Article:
FPT 330m. Variation 10E. Distance a to b 244nm
Holding req at A 60 mins. GPTW wind 36030kt
Holding at B 30 mins
Fuel on board at start up 190 litres
Find the distance from A to PNR
To find the trip fuel for this problem, explanation is total fuel on board -fixed-taxi-holding at A /1.1


Yet another question....(p122 quest 11)
Data relates to a charter flight
Total distance 300nm
TAS cruise 150kt
Wind during cruise 15kt tailwind
Fuel flow during cruise 56 litres/hr
Fixed reserve 45 min at cruise rate
Start up 5 litres
Start up with min fuel required
Find distance to PNR.....
Explanation shows that the trip fuel formula was used...300x56/165

Now I’m just trying to understand why when both of the questions I have to solve PNR...so I have to calculate trip fuel, two different techniques have been used to calculate the trip fuel.... that’s what throws me with all of these questions.... seemingly simular questions, and all of the sudden the technique to answer changes.... this is where the whole performance subject has me stumped.... what key words, questions, ect... should I ask myself when reading the questions... is it down to the info they give me?
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John.Heddles replied the topic: PNR and trip fuel....

But in fact... as you have written... trip fuel is the fuel burn plus all of the reserves and holding?

Not at all - appears I may have confused the issue somewhere for you. Trip fuel (flight fuel, planned burn - whatever term you might prefer) is what you expect to burn, other things being equal. Reserves and other stuff is extra and nothing to do with trip fuel.

Let me give you a fuel planning motor car analogy - I drive a Nissan Xtrail which runs about 10 km/l typically - I also drive a 13 tonne truck for fun with quite different fuel consumption but let's figure it out on the little machine. Say I am intending to run from Sale in Victoria up to Canberra in the ACT. Distance via the Monaro is around 520 km, takes around 6 hours and, to a rough approximation, should burn around 52 litres. Does this mean that I could drain my tank, put in 52 litres and comfortably get to Canberra ? Probably not, once I have a think about things, especially the following points. If the trip were on good, level roads, without any traffic disruption, I would probably burn very, very close to 52 litres. However, running this road it's winding, goes up quite a climb from Cann River to the high country, and has a lot of heavy trucks to contend with. Probably, I will burn something in excess of 52 litres. However, say I don't have any useful data to figure out what the burn might likely be. So, I might start off the calculation by figuring a best guess as to a routine, anticipated burn off, about, 52 litres. This would be my (planned, or anticipated) trip fuel.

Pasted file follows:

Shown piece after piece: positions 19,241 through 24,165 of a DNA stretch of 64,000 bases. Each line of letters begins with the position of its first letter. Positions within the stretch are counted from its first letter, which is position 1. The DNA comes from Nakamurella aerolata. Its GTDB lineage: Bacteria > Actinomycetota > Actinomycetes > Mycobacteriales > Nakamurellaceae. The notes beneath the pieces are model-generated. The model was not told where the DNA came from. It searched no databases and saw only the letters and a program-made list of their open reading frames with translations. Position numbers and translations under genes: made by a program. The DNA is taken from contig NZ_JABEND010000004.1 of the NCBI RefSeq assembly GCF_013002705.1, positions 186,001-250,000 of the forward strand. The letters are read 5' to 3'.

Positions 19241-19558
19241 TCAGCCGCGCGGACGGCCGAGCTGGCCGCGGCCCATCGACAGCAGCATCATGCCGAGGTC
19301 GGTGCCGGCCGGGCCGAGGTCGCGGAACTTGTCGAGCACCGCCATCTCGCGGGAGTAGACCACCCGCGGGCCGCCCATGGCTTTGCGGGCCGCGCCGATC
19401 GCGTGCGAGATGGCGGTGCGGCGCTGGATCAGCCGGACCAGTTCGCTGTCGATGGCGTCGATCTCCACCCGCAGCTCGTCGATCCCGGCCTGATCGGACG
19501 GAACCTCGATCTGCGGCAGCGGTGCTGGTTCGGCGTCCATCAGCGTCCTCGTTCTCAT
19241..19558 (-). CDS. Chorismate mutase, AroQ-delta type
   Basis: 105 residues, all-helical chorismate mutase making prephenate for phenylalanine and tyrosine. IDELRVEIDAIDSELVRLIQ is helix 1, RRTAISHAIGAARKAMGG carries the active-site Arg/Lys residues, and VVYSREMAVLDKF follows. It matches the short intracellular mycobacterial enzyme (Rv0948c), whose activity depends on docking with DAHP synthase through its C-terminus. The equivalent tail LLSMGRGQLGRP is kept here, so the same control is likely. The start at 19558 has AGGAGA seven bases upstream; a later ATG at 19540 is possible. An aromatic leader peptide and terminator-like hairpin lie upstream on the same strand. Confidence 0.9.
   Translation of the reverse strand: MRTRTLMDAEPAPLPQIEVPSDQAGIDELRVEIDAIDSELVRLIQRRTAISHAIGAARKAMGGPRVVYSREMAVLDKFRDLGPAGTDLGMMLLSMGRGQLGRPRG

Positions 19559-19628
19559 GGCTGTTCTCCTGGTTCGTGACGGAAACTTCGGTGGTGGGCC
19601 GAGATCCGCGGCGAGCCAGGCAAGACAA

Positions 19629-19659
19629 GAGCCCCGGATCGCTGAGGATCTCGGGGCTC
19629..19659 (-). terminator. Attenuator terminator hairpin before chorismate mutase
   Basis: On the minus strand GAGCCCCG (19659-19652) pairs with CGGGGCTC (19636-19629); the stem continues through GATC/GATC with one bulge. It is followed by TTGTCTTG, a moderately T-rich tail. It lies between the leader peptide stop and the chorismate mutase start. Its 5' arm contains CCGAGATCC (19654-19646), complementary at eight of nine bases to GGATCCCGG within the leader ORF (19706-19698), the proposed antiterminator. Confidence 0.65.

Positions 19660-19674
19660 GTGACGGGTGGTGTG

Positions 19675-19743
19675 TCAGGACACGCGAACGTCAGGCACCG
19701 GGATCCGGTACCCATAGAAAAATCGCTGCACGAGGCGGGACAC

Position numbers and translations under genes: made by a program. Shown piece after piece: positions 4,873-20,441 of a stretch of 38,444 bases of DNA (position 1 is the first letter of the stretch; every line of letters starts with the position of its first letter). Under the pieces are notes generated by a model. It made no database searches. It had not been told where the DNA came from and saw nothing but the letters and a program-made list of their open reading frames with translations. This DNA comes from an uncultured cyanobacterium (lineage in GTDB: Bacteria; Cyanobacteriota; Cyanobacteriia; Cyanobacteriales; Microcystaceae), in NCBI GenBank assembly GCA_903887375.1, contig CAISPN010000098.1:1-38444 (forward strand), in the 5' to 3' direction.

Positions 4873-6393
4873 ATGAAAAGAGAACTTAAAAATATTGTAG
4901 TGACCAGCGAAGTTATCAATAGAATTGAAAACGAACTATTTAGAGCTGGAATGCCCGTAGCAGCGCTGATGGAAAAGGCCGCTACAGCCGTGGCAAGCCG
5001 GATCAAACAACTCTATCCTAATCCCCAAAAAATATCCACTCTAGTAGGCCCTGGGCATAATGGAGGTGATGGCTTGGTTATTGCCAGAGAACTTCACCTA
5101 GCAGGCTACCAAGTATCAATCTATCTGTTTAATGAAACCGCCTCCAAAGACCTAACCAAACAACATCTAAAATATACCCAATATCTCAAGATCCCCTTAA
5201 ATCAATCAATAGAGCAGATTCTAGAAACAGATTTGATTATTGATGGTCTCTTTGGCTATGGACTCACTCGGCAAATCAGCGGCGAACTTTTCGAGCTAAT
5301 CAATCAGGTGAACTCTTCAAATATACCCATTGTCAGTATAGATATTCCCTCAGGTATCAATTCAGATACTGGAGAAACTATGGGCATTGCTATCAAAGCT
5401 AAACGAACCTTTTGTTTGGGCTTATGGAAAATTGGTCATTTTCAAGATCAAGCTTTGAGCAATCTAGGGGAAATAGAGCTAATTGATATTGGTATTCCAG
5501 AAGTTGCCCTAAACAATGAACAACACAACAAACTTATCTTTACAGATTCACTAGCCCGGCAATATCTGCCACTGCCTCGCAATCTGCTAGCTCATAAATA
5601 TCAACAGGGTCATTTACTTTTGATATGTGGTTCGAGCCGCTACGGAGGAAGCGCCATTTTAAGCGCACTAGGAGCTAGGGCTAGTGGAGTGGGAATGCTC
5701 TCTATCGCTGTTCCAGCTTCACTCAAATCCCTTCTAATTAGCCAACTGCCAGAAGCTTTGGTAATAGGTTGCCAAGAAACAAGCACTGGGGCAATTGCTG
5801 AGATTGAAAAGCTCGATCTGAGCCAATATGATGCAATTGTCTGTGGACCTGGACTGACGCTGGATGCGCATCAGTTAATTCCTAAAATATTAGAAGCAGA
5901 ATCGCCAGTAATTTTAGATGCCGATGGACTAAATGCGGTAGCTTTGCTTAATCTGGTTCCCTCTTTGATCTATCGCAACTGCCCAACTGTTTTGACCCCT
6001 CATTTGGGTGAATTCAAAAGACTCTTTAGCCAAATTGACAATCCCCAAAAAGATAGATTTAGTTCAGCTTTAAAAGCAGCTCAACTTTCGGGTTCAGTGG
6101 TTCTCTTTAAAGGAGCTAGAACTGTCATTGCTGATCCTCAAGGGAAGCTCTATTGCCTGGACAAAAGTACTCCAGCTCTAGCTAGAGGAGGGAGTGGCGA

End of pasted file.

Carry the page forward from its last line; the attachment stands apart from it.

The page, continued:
However, unless I am feeling pretty stupid today, I figure that I might need a bit more to allow for things which could increase the burn for this particular trip, so I reckon that I might add, say, 10% extra for those matters. That is I am going to add 5.2 litres as a reserve because I figure that might be reasonable for the run up to Canberra. Now, were I to be going somewhere else, I might figure a bit higher or lower for a suitable particular trip reserve. Overall, my historical driving in this car suggests that around 10 % extra will keep me safe from running out of fuel. due to routine route specific problems. I might call this reserve my variable reserve because I may or may not use some of it and I may use different proportions on different trips, depending on the circumstances. Either way, I figure that it's a good strategy to carry that sort of reserve pad to give me a good probability of not running out of fuel.

Now, there may be some other problems on the trip which I can't reasonably foresee - things like roadworks along the way where I might have any number of spots where I have to stop and will be idling for, say, 5-10 minutes while the folks on the road are doing their thing. It might be a good idea if I carry a bit extra fuel to allow for these unexpected things. I might call that extra fuel a traffic holding reserve. Looking at my history doing this trip over the past 20 years, I might allow, say, 30 minutes at idling fuel flow. Let's say that a figure of around 1-2 litres might do the trick.

There might be other problems as well. At the top of the run up the Cann Valley, we need to go over a river at Bombala. With a reasonable bit of rain, that floods and the highway is closed, kaput !. Say it's been raining and there is more rain forecast. I might like to carry some extra fuel to allow a significant diversion around the village and I might call this a weather holding reserve allowance. Now, this is a bit different to weather holding for an aircraft but the principle is similar in that, if you don't have it and (say for the car, there is no fuel available today at Bombala) you just might end up being embarrassed. Better to carry some extra fuel, just in case of what might be a reasonably foreseeable event so that I know I can get to somewhere I can fill up the tanks (believe me, I have been caught out at Bombala super big time coming south and had to spend the whole day heading back up through Canberra to the Hume, down to Albury way and then down to Bairnsdale - made a relatively easy quick drive an absolute marathon). So I might, for this situation at Bombala, allow, say, an extra 10 litres (around 100 km) for "weather holding".